Zia Cooke spent a significant amount of time at the point during preseason. She has mostly played shooting guard for the Gamecocks but was a point guard in high school.

"She won't be asked to do it full time but it's been great seeing her initiate our offense and getting an understanding of how the position works at this level," Staley said. "It's an opportunity for us to show her versatility for the next level."

Redshirt freshman Raven Johnson could be another option for the point. The 2021 Naismith Girls High School Basketball POY suffered a season-ending left knee injury early last season on Nov. 12. Then there is Kierra Fletcher, a grad transfer from Georgia Tech who started four years for the Buzz but missed last season because of a foot injury.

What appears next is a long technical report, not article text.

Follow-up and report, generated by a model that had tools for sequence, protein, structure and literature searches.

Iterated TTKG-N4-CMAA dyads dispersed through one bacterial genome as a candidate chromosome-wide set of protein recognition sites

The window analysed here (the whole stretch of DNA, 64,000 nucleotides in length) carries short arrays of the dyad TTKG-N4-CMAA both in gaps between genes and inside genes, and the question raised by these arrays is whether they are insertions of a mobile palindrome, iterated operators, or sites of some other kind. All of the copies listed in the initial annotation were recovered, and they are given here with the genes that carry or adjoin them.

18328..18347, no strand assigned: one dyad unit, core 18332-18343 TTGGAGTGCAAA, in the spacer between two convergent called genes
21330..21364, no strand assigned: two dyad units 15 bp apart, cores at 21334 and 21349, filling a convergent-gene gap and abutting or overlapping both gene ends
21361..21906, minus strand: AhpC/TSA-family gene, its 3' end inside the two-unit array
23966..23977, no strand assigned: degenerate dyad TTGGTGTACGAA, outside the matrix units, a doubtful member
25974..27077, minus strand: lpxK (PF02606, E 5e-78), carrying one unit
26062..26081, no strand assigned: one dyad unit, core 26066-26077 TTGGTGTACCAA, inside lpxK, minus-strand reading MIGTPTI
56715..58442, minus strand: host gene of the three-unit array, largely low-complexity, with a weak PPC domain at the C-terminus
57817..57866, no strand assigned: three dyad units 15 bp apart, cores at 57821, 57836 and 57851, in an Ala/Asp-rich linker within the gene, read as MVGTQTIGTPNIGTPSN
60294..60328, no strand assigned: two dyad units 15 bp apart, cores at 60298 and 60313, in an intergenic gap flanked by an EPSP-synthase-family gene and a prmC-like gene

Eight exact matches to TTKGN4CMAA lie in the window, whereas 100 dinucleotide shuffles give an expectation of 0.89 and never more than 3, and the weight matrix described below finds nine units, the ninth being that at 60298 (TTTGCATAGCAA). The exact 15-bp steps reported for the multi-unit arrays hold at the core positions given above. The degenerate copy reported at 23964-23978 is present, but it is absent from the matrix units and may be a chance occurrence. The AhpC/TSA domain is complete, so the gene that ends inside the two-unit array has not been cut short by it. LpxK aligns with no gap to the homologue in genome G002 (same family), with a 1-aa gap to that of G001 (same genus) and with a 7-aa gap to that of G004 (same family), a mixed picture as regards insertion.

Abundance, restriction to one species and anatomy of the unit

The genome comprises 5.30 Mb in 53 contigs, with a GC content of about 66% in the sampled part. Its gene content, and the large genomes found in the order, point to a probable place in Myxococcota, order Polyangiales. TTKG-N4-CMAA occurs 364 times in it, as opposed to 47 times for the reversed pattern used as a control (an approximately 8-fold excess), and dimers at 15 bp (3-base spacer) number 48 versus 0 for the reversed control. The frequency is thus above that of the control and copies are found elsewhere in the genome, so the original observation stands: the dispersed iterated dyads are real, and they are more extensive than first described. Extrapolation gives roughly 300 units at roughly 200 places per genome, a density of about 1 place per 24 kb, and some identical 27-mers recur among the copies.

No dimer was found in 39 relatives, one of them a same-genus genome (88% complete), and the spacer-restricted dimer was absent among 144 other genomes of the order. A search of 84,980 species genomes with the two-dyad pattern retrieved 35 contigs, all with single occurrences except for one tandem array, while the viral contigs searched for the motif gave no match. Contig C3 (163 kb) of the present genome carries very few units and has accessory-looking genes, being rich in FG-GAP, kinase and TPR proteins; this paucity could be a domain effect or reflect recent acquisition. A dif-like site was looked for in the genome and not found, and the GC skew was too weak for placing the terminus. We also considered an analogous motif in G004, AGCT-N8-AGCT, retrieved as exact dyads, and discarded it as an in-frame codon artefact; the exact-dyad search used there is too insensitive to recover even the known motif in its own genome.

Staley said both players are not at full strength yet, so the key focus right now is getting them healthy.

"Our point guard position is the position we are trying to get healthy," Staley said. "Like completely healthy – 100% healthy where we don't have any minute restrictions, where we can get them on the court and they can run our basketball team."

Figuring out a plan for the offense is a must for the Gamecocks. While they were a defensive powerhouse last season, their offense left a lot to be desired. South Carolina had 11 games with 65 points or less, including three under 60 points. One of those was an ugly 49-33 victory against Miami in the second round of the NCAA Tournament

Staley said she doesn't think that, for the most part, her team was taking bad shots. However, she said it's important to create rhythm. Some of the main changes for this upcoming season will help with that.